An Indian consular official on Friday advised Queen Elizabeth II about the nearby joint effort between the UK and India during the COVID-19 pandemic.
Sanjibita Tariang, who works at the British Deputy High Commission in Kolkata, portrayed her experience of helping abandoned British voyagers return home during India's lockdown, as indicated by a statement by the British High Commission.
She portrayed how the "UK in India" group rose to the uncommon difficulties presented by COVID 19, through shared working among India and London, and with extraordinary collaboration from the Indian specialists.
The UK repatriated about 18,000 voyagers from India on 66 sanction flights, from 11 Indian urban areas, among April and June.
The commitment occurred during a virtual revealing of another representation of Queen Elizabeth. The craftsmanship, painted by craftsman Miriam Escofet, will be in plain view in the restored gathering of the new Foreign, Commonwealth, and Development Office.
The Queen applauded FCO staff individuals for their work in reacting to the COVID-19 pandemic.
During the commitment, the Queen addressed staff who took a shot at the repatriation exertion and found out about the work the UK Government is doing globally to build up an immunization.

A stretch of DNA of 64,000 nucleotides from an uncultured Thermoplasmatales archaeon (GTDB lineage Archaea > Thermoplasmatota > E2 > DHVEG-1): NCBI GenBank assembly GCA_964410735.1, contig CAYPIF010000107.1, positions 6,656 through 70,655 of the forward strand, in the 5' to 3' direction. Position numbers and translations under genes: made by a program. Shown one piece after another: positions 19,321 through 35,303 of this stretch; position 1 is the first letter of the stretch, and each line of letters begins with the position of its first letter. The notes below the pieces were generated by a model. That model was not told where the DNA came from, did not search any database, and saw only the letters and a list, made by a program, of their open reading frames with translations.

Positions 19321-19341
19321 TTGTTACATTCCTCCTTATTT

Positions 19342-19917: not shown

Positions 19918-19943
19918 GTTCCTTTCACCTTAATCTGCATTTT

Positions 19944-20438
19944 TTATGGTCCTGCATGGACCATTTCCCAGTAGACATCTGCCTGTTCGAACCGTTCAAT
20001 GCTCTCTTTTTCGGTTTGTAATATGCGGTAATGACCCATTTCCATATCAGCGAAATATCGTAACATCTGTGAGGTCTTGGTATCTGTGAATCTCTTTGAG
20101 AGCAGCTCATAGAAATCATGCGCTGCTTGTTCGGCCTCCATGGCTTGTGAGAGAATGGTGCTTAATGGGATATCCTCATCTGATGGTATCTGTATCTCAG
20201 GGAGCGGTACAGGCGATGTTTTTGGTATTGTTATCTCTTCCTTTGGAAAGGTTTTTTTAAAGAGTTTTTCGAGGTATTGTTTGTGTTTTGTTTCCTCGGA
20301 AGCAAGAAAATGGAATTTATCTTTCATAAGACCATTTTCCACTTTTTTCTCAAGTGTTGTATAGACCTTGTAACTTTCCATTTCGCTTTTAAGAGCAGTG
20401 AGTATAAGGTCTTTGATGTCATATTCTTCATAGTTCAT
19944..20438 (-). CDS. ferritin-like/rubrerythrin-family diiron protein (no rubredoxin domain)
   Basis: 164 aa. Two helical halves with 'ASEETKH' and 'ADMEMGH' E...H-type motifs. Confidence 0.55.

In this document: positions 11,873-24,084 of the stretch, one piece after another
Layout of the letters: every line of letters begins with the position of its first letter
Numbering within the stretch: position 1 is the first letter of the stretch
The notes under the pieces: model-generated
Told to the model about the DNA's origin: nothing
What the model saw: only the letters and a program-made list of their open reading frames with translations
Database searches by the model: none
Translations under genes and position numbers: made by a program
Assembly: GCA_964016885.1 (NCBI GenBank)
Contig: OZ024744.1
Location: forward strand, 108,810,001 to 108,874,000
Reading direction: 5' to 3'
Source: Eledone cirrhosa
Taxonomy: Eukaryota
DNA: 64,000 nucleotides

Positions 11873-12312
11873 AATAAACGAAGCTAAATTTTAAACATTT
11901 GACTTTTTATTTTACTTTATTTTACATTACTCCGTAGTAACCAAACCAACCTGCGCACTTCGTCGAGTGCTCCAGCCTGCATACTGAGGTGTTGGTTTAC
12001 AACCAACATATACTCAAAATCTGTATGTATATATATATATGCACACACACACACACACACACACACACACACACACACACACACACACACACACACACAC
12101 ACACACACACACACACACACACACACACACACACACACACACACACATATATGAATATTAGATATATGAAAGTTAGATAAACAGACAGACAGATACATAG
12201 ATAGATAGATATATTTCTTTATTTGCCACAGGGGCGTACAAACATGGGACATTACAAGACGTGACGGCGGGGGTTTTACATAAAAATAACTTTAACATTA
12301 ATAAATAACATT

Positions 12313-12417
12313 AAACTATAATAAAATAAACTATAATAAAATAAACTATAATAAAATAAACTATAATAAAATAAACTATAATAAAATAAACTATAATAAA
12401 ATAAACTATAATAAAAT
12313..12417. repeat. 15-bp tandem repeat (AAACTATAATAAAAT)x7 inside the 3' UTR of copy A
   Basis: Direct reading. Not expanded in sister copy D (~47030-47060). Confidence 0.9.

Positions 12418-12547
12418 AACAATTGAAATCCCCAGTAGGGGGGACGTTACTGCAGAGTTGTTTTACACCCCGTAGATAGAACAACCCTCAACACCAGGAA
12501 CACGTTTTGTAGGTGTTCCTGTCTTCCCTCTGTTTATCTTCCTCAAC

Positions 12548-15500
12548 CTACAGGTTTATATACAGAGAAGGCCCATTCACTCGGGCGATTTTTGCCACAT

Portraying her experience, Tariang stated: "Arranging the repatriation flights was a colossal and complex activity including careful arranging and coordination. We likewise needed to acquire development authorizations during an across the country lockdown - the primary test was to arrange transport from far off spots like Meghalaya and Manipur for an excursion crossing 32 hours," she said.
"I utilized my neighborhood systems and Hindi, Assamese, Bengali, Nepali language aptitudes to sort out a sheltered excursion for probably the most powerless and old British nationals. For instance: organizing a transport right from Shillong to Kolkata; mentioning help from cops to assist travelers with intersection fringes; and getting lodgings to open their eateries for supper and pressing breakfast for long excursions - all so travelers could get their trip at the last possible second," she included.